My former father in law created a family life that was in constant upheaval because of his moodiness. They never knew what his mood would be or why. He was unpredictable and the family lived in chaos as a result. He finally left the family and went away. My ex-husband grew up catering to his father’s moods. I thought that our family life would be different because he could talk about it and see how erratic moods destroy a family. He tried to be different with us, but it was all he knew. Our kids could never trust that a good mood would last or when a bad mood would take over. He finally left in the early spring just before the lockdown. I feel like it is life repeating itself. I am trying to put our lives back together. He hurt me, he hurt our kids until there was nothing left to our family. Even now I wonder if he realizes that he did that. We are trying to sort out the childcaring, but my kids are reluctant to spend too much time with him. I am living on emotional overload.
You are dealing with many emotional issues at one time. It is no surprise that you feel you are living on overload.
First and foremost, you need to take care of yourself. Self care for several reasons is especially important right now. Take some time just for you in whatever way that can happen. It might be a regular long walk, or a yoga session or meditation but make time for yourself.
When people separate, they are faced with many decisions and that can be overwhelming. On a practical level begin by listing the decisions in order of priority. It is helpful for a few reasons. One is that you see what needs to be done and as you check things off the list there is a certain satisfaction. If you have not already, keep a journal. It can be your best friend in difficult times.
Your children will need to see their father and spend time with him. Their reluctance creates more stress for you. However, with some planning they can learn to manage. It is quite reasonable to say to your former spouse that if he gets moody, the children will want to come back to your place. If that is arranged before then if it does happen that he gets moody, there is no surprise. He knows how his father’s moodiness affected him, and he can be reminded of that fact.
Remember, the problem is his moodiness and not his affection for his children. You said he did try to not be like his own father. In language they understand, help your children to separate the behaviour from the person. His behaviour is the problem.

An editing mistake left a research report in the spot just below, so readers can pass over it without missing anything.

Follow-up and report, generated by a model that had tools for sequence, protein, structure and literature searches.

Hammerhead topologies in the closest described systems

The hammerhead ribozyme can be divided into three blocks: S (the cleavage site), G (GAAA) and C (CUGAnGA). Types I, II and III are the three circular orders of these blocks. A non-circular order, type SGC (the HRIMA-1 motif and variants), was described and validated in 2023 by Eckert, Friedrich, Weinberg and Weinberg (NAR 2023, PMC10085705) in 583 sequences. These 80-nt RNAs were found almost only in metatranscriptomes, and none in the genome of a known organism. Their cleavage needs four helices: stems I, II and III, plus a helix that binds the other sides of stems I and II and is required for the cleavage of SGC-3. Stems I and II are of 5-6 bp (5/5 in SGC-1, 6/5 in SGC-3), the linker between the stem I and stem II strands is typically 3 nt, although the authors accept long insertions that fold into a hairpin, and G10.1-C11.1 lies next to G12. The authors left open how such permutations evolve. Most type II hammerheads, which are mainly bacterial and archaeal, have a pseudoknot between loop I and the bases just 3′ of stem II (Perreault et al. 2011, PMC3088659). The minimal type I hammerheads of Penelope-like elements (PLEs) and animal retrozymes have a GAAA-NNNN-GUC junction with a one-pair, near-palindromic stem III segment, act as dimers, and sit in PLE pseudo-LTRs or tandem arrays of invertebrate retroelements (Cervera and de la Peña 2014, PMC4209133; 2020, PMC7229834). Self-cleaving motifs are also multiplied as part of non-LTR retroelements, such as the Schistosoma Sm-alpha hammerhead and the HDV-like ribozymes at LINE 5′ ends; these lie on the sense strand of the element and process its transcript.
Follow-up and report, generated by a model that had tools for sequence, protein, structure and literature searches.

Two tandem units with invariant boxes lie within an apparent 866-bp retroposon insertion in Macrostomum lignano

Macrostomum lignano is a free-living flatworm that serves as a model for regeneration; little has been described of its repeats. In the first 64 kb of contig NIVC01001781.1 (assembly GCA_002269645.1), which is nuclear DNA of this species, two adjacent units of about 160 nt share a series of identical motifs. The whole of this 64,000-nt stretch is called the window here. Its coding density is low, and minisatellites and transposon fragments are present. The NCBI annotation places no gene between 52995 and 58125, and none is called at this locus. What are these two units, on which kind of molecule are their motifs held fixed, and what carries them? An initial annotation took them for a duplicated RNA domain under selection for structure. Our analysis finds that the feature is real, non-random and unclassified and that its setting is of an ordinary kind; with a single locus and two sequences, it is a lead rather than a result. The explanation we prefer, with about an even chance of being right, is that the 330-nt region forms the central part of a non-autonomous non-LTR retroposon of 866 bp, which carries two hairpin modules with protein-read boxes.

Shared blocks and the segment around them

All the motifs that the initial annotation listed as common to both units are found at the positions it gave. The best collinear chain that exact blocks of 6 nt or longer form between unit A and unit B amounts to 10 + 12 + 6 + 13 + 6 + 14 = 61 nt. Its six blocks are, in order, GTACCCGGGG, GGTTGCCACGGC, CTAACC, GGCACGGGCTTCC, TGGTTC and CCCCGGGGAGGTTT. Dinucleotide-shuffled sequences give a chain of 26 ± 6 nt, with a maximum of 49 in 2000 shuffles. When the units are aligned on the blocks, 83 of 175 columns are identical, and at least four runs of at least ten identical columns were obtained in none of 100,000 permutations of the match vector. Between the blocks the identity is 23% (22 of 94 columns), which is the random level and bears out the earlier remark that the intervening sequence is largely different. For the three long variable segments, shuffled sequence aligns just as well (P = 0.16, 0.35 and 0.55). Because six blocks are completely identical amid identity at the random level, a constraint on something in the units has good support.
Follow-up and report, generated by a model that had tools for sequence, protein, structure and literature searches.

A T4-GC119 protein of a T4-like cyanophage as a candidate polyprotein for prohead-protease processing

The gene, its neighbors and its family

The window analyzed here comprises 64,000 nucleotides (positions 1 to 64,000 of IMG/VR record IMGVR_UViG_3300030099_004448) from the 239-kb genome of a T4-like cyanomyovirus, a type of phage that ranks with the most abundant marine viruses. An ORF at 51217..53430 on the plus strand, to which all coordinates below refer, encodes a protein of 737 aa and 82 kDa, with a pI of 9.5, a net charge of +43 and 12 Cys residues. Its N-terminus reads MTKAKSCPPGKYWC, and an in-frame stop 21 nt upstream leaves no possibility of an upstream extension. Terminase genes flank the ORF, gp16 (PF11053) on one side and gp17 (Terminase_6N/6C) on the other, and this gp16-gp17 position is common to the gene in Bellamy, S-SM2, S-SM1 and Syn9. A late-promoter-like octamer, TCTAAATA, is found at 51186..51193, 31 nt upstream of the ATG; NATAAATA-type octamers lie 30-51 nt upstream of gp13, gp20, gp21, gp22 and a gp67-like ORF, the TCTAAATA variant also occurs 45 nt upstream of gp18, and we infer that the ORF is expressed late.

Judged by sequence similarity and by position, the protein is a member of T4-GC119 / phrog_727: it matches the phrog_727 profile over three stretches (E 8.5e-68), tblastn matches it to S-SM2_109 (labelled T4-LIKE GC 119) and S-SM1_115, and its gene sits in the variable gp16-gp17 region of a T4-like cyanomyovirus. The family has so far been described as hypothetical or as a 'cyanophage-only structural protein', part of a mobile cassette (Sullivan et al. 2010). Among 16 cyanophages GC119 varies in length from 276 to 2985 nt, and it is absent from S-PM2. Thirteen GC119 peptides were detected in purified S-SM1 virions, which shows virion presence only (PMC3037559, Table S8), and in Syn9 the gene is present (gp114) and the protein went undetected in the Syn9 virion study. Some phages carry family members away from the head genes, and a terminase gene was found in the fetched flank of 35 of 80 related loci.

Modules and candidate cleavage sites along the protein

It does not change the fact that what they worry about is his moods. Help them to notice triggers that might lead to a bad mood. If they can identify it before it happens, there are ways to de-escalate such as changing the subject or going outside for a time. If that cannot happen, then they call you.
If he could identify his father’s own behaviour, then chances are he knows when he is behaving the same way. If he did not like the way his father behaved, he probably does not like himself much in those times either. He has a road ahead to get to a better place. Moodiness and anger have their roots somewhere in his life and he will need to commit to finding and facing the reasons for his moods and his need to escape his family.
Right now, your life should be about creating a safe and secure homelife for you and your children. As much as is possible at this time, put his moods in the background of your new family setup. Your children may need to talk about their father but monitor their talk and gently move the conversation on to other topics.
We are living in uncertain times and there is not much that we have control over until our world stabilizes. You can create some security within your home by being the parent your children need. There is a certain freedom now because you do not have to deal with your former spouse’s daily mood swings. Concentrate on creating warmth and security and a stable home. You and your children will benefit.
If you are in need of a place to seek some advice on a way forward during separation and divorce please write to email@example.com – Reaching out is the first step.
ABOUT LINDA SIMPSON
“I take strength from your calm, your honesty, and the hope you give me for my future.” Cheryl
Linda is a fresh voice in the divorce advice world. She offers a pragmatic, common sense approach to life after divorce issues based on over twenty years surviving and thriving following a very traumatic divorce.
As a single parent, her sons are an enormous source of joy in her life. She is a loving mother and grandmother to four delightful grandchildren.
She holds a degree from the University of Waterloo with concentrations in sociology and philosophy and guidance counselling certification from Queen’s University.
She is an accredited trainer for The Peace Education Foundation, a leader in conflict resolution training. The institute is ‘dedicated to educating children and adults in the dynamics of conflict resolution and promoting peacemaking skills in home, schools, and community.’
In a long and successful teaching career, she also served as a counsellor and workshop facilitator for SEL (social emotional learning) programming and The Peace Education Foundation throughout her school and school district and was a frequent conference presenter for SUNY Potsdam Faculty of Education USA.
She writes for The Divorce Magazine UK and her blog is seen regularly on Huffington Post Canada where the focus is life after divorce and parenting issues.
She is a writer and poet and is presently at work on a book based on her divorce experience.